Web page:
Prices rose for the second consecutive month, after two months of falls
The price rises of the two most-recent months mean that the average asking price across England and Wales is once again just £1,349 shy of the record reached in June earlier this year.
However, the headline figures mask significant variations across the country.
It is currently a ‘sellers’ market’ in Wales and northern England, with a good level of buyer enquiries and sales agreed, said Rightmove.
The number of homes on the market across the North of England, the Midlands and Wales is down 11 per cent on average compared to the same time last year.
A drop in the number of homes means that there are fewer for buyers to choose between and therefore it is sellers who have the upper hand.
However, this is in stark contrast to southern England, where supply has risen by 16 per cent over the past year.
The increased supply means buyers have more options and so could be more likely to demand a better deal.
Miles Shipside, director of Rightmove, said: ‘This increase in the number of properties up for sale should not be misinterpreted as a glut of unsold property, but rather as an increase from the very low number of properties that agents have had on their books in the last few fast-selling years.
‘While there is still underlying high demand in mass-market sectors, some find that affordability has become over-stretched while others judge that prices have risen beyond their true value.
‘While many properties are still selling, in market sectors where there is now a lot more choice, buyers need enticing by an attractive price or by properties with special finish or appeal.'
Homes took an average of just over two months to sell last month, said Rightmove
Not all regions experienced price increases.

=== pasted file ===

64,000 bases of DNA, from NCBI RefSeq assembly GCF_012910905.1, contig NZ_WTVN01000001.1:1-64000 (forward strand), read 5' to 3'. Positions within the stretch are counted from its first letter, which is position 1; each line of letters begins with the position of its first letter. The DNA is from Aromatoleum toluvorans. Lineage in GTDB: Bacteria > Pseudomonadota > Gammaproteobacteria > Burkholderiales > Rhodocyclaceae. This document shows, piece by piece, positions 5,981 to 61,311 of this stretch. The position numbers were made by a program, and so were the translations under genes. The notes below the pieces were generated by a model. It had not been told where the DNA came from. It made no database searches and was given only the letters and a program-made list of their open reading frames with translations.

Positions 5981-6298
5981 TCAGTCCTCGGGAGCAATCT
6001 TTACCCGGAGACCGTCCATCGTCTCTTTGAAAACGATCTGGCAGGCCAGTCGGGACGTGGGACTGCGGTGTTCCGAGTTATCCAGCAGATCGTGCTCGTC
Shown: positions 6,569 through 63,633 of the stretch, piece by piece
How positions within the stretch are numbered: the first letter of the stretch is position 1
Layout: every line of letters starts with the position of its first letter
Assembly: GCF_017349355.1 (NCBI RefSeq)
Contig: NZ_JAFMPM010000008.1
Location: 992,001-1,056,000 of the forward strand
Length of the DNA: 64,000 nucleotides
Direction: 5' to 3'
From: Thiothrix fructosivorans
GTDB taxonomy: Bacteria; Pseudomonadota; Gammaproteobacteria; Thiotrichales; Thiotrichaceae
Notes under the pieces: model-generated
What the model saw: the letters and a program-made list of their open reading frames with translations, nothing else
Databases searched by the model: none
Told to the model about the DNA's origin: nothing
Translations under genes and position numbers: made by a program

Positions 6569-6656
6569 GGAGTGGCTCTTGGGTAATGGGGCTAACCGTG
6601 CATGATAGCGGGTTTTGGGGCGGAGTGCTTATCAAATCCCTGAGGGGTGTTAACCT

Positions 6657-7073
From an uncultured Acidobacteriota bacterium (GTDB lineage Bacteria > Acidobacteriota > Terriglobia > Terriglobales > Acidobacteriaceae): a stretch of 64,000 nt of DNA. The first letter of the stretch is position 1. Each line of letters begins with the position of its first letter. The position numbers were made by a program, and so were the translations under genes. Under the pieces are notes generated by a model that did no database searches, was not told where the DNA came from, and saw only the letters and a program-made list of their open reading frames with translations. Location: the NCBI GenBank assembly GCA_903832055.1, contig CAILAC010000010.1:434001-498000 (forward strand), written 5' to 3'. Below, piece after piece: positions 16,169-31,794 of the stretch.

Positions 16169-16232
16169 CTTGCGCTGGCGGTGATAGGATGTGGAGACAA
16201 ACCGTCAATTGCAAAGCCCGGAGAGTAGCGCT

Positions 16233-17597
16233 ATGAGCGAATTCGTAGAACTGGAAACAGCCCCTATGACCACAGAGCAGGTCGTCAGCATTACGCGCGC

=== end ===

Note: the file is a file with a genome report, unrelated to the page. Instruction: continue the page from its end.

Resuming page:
London saw the biggest monthly increase in asking prices, with a 2.4 per cent increase taking the average price tag there to £645,833.
Wales also saw a rise in asking prices, by 0.6 per cent month on month, to see prices hit £178,178 on average.
However prices fell in the South West and the North East, by 0.8 per cent and 1.8 per cent respectively.
In Kensington and Chelsea, asking prices have jumped by 13 per cent over the last month alone - taking the average price tag on a property there to £2,328,422. However, asking prices in Kensington and Chelsea are still 6.6 per cent down on a year ago, when they were at just under £2.5 million.
The number of homes on the books of each agent has remained steady at 60 on average
Kensington and Chelsea in particular and expensive parts of London more generally were hit by the introduction of a higher rate of stamp duty for the most costly homes.
The latest figures from Rightmove suggest that the impact may have subsided.
However the monthly figures must be treated cautiously where there are low sales volumes, as just a handful of high-value sales can move the average asking price considerably.
Analysis from lender Halifax last week suggested that the rate of house price rises was likely to continue to slow.
Annual gains slipped to 5.8 per cent last month, it reported, compared with a 12-month high of ten per cent recorded only in March.
Since the EU referendum in June, prices have remained broadly flat, it said.
The average price movements varied significantly across the country, rising in some places while falling in other